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February 10, 1995 - Image 102

Resource type:
Text
Publication:
The Detroit Jewish News, 1995-02-10

Disclaimer: Computer generated plain text may have errors. Read more about this.

LINOCES TRUNK SHOW

at

and gallery

rioNTII OF FEBRUARY ALL urioas BOXES WILL BE

DURING TI IE

20% OFF

STOP IN TO SEE TI IIS CI IARMING COLLECTION OF
I IANDPAINTED PORCELAIN BOXES IMPORTED FROM FRANCE.
FEATURING A SPECIAL PREVIEW OF NEW DESIGNS FOR 1995 FROM ROCI IARD.

REMEMBER VALENTINE'S DAY IS FEBRUARY I4Th

Thurcloti 10:00-9:00
Sundou 12:00-5:00

Tie one on.

9th
Annual
Charity
Trade-In

All items

Join The Shirt Box
as we host our ninth
Annual Charity Trade-In.
Throughout the month of
February, anyone bringing
in used dress shirts or ties for
charity will receive $3 OFF* the
already low price of dress
shirts or ties, on a
one-for-one
basis.

collected during
February will go
to benefit
C.O.T.S. and
Friend's Alliance

v

American Heart Association

WERE FIGHTING FOR YOUR LIFE

11111

NI NI II

. I

colt \iii‘,..\1*,(-

•Dresses
•Swimwear
•Blazers

has
arrived!

• Skirts
• Bomber Jackets
• Bridal Collection

A1= )_A-_ I\ %O

COLLECTION

268 W. MAPLE, B'HAM
644-9224

El NI III IN MI II

TRUNK
SHOW

• Dress Shirts
•Ties
• Sport Shirts

19011 West 10 Mile Road

(Between Southfield & Evergreen)

In the Orchard vall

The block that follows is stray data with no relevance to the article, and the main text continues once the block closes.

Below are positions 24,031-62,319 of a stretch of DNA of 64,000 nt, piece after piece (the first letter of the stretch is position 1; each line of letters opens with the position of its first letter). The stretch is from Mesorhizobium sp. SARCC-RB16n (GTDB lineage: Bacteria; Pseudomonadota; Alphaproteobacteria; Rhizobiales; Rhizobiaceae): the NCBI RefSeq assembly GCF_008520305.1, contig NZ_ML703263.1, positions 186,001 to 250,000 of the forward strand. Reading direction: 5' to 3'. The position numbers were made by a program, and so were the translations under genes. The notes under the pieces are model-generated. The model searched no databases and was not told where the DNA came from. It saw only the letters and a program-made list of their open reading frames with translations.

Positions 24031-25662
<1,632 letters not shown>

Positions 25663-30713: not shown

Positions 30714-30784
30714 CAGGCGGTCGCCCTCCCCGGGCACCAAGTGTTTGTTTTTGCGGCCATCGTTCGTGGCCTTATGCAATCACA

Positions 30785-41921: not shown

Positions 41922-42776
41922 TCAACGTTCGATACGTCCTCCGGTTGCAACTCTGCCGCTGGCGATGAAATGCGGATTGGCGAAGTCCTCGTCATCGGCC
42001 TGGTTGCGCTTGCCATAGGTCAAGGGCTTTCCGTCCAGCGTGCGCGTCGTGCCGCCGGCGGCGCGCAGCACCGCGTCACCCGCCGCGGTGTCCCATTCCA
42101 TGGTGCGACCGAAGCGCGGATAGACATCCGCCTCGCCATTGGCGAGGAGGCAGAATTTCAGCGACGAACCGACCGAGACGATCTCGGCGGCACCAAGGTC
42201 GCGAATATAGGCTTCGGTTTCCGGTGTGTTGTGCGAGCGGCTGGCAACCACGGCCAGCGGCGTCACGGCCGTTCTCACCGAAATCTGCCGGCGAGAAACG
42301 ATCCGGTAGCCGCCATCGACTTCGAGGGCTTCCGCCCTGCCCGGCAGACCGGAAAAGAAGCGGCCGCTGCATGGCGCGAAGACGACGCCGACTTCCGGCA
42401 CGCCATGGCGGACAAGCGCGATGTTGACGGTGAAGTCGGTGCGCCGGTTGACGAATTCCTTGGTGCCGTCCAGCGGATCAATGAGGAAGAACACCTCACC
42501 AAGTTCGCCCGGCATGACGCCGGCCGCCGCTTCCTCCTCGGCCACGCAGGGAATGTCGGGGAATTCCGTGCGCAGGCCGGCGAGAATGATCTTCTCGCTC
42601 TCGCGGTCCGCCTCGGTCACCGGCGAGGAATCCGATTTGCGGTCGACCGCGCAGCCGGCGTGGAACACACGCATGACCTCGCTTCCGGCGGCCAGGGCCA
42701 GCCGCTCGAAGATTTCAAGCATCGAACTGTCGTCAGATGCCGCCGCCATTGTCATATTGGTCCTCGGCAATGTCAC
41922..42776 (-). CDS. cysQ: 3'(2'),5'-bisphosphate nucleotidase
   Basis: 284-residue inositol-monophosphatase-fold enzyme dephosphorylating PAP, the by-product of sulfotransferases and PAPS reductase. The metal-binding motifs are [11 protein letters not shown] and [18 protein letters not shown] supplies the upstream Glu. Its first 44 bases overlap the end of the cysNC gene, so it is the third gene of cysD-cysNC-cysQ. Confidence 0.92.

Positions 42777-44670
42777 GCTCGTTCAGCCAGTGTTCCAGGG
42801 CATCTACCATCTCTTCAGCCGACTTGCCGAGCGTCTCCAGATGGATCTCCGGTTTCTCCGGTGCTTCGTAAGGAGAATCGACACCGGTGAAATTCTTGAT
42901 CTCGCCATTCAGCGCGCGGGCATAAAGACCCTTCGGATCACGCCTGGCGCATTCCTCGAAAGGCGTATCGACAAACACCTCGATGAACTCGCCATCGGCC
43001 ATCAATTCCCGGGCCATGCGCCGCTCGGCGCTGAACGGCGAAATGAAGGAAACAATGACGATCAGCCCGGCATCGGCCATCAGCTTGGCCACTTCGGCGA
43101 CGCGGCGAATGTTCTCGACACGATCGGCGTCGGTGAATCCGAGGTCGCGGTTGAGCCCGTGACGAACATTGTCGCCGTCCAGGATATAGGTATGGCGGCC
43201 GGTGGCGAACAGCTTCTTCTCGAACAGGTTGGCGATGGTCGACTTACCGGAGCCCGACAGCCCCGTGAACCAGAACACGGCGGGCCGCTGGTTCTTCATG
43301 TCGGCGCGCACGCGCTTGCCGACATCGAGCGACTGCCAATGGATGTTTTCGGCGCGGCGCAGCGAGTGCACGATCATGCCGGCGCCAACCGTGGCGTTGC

West Bloomfield • (810) 737-4888

Saturday
March 4th
124 P.M.

Southfield

810-352-1080

STORE HOURS:
Daily 9:30 a.m. to 6 p.m.
Thursday 9:30 a.m. to 7 p.m.

* PREVIOUS SALES AND SALE ITEMS EXCLUDED.

DAVID KLEIN

OFFER EXPIRES 3-3-95

A THE MCDONNELL HOVSE

ANTKIVES

02

B3 B3E8
EBB3Ef3 EBEB

• Sell
19$00 • E Vest 12 Mile ROA



lust c.Ast of Evcrsrcol:.

(S10) 559-9120 _1'

181•71.1

GAIL LICHTMAN SPECIAL TO THE JEWISH NEWS

n the Ukrainian shtetl of
Zholldev, an elderly man is the
last Jew left. He's unwilling to
leave because "someone has to
look after the synagogue."
In Grodno, Belarus, a city
which before World War II had a
Jewish population of some 25,000
and boasted 40 synagogues, five
of the original pre-war residents
remain to recall the splendor of
the synagogues and Jewish com-
munity institutions.
And in Uzbekistan, Georgia,
Azerbaijan and Moldavia, hun-
dreds of years of Jewish history
are drawing to a close as whole
villages and communities leave
for Israel.
Since 1979, the Center of Jew-
ish Art (CJA) at the Hebrew Uni-
versity in Jerusalem, established
by art history Professor Bezalel
Narkiss, has been preserving
Jewish visual heritage through
the documentation of all extant
Jewish art — ritual objects, syn-
agogue architecture, Hebrew
illuminated manuscripts and
ancient and modern Jewish art.
The only institution of its kind
in the world, CJA's work is car-
ried out by history graduate stu-
dents under the supervision of
university staff. Of top priority is
the documentation of Jewish art
in "danger areas," where Jewish
communities are at risk of dis-
appearing. Since 1990, the cen-
ter has been engaged in extensive
efforts in Eastern Europe and the
former Soviet Union and has con-
ducted expeditions to Poland, the
Czech Republic, the Ukraine,
Lithuania, Belarus, Russia and
Uzbekistan. This summer, ex-